Q - You were friends with Paul Davis.

A - I was. I was very good friends with him. He was a wonderful guy.

Q - I picked up the paper one day and he was gone. What happened to him?

A - That was a super person right there. Never a mean streak in that guy ever. He was wonderful. I'm not sure how he died. I think it may have been heart trouble. I'm not sure. He got shot on Music Row one time and almost died. He got shot in the lung. Some guy was trying to rob him and his girlfriend or a girlfriend he was dating came out. I think he was trying to take his girlfriend off and he stood up to him and the guy shot him and he was in bad shape for awhile. But he made it through it. She didn't get taken either.

Q - That was probably long after he had those hit records.

A - Yes, I think so. He was having some Country hits. They had a triple kind of thing with Paul Overstreet and Tanya Tucker and him during that time. He had a hit by Dan Seals. He was having some hits in the Country field. But he had that "I Go Crazy" and "'65 Love Affair". This was before I met him. When I met him I just thought he was super. He could not write a song for months and then he'd sit down at the piano and magic would just come out of his fingers. He was so good. If ever there was a singer who didn't go with his look it was him. He looked like Jesus and sounded like Michael Buble. He has a very interesting voice. He was so fun to write with. Such a good guy.

Q - It's funny you should say that. When I interviewed him I told him he sounded like Bobby Darin.

A - And he's from Georgia I think. He talked with a real heavy accent. He was as Country as you could be.

Q - Can inspiration strike at any time, or is songwriting something you can turn on and turn off?

A - Well, I could. I could write about anything at anytime.

Q - Do you though?

A - I don't do that though. A lot of people do it nine to five or whatever. There are many people that write that way and have great success with it. I just could never do that. I wait for it to come. Sometimes it'll come when I'm watching TV and sometimes when I'm in the car. Quite often when I'm in the car. It'll come just by something I think of or someone says or sets me off to thinking that's a great idea about life or something. I just wait for something to hit me. After writing so many songs it's really a matter of wanting to write something I've never written before and never touched on before. I don't want to write songs just for the sake of writing them. I want to try and write something fantastic.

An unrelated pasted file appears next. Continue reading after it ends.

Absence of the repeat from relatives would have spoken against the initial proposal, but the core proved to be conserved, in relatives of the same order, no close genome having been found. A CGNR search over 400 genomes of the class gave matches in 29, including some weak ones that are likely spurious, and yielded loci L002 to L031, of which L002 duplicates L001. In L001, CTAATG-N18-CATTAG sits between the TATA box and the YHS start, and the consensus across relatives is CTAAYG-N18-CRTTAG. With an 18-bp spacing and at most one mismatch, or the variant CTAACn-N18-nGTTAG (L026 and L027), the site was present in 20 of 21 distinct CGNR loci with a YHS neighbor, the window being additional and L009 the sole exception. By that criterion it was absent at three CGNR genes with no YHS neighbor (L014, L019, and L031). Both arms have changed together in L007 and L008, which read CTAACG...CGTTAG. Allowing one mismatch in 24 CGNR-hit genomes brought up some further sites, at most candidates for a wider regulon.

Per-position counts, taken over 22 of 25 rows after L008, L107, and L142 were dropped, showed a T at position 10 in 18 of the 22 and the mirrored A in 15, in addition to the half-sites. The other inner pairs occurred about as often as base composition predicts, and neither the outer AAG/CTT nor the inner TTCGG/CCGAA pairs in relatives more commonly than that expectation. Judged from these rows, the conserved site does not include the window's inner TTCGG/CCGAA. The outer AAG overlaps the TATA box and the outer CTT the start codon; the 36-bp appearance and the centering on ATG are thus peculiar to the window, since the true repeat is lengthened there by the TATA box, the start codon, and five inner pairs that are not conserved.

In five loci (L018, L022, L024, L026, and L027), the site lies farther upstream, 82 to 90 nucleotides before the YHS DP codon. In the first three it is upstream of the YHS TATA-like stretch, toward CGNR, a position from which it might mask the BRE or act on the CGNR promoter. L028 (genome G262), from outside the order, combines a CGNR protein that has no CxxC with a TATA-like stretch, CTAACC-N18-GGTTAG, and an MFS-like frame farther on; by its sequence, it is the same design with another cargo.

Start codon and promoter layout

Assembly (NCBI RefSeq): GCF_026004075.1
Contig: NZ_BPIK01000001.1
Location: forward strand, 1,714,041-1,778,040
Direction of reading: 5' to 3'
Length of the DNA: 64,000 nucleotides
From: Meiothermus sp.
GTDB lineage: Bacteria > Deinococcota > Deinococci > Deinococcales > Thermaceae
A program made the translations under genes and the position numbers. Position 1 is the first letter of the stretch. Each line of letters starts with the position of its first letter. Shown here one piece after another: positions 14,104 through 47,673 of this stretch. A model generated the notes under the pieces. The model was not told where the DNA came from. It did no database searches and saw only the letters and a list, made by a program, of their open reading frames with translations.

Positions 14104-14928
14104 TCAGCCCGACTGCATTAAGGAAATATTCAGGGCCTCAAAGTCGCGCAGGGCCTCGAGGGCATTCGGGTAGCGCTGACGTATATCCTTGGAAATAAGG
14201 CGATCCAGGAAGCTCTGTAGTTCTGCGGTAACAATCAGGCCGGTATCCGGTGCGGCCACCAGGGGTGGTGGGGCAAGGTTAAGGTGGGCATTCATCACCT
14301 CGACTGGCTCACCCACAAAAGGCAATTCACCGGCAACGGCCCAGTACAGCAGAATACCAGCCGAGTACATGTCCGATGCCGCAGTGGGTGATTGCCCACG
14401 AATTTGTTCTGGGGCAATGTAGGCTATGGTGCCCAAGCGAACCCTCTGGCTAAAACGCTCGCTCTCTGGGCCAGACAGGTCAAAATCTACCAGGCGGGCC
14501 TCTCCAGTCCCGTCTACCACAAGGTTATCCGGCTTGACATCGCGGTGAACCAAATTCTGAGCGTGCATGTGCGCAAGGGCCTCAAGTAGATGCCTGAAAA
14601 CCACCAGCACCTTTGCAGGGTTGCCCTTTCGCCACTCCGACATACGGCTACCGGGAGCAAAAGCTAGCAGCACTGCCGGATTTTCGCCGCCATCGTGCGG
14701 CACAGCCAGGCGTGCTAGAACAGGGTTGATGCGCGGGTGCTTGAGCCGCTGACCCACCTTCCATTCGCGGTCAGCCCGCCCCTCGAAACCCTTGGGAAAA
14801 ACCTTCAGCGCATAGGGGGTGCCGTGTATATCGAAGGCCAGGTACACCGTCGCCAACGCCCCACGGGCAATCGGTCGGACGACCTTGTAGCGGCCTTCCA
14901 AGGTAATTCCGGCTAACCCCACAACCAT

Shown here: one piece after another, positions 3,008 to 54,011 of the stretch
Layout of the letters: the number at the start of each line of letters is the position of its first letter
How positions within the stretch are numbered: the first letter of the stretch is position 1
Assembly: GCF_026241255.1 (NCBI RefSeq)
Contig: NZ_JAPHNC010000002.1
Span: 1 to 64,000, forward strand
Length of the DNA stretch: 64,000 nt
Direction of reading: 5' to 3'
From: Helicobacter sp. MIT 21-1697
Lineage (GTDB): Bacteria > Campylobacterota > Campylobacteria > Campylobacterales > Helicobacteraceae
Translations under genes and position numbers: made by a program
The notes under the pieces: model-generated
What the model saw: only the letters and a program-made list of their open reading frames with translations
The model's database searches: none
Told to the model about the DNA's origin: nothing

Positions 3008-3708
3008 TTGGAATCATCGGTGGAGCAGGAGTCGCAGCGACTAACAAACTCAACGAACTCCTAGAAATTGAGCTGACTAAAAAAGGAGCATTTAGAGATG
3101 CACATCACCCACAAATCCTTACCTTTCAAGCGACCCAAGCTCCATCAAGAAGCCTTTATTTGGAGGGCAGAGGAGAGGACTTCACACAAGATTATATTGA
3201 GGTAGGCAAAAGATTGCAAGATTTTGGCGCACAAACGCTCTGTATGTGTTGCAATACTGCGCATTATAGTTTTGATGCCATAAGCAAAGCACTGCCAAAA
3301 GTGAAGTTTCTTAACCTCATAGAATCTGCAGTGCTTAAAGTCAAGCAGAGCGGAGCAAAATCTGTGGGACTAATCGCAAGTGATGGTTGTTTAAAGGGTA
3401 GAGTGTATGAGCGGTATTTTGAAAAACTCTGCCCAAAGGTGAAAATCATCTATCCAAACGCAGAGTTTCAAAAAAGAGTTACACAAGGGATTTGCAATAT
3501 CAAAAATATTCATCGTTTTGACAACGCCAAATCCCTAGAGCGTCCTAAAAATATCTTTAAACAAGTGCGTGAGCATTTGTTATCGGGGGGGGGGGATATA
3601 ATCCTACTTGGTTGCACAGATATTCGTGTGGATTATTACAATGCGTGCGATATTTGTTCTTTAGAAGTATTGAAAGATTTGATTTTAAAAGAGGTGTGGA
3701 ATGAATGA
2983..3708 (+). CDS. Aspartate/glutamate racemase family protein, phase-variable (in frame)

Q - You pretty much have to keep your eyes and ears open all the time, don't you?

A - I drive my wife crazy 'cause I like to have the TV on all the time. I really do like ideas from television. I really do. I'll be really interested in watching TV and if something hits me, I can write a song while it's on and I'll never hear a word that's been said for hours. I'll just leave it on. I don't hear it at all. My ears turn off to that and I listen to my own brain. I don't know how to explain it. It's what you wait for. I think I said in the book if I don't write a song for two or three months, it doesn't bother me. I've got other interests. I like to paint. I like to fish. I like to spend time with my family and friends. I don't get desperate. I don't think I'm dried p. Sometimes I'll go months without going down to my studio and then all of a sudden I'll spend months in there. That's the way I do my best stuff. I don't try to force it. I just wait for it.

Q - Everything starts with a song, doesn't it?

A - I'll say. I think it begins with a songwriter actually. (laughs)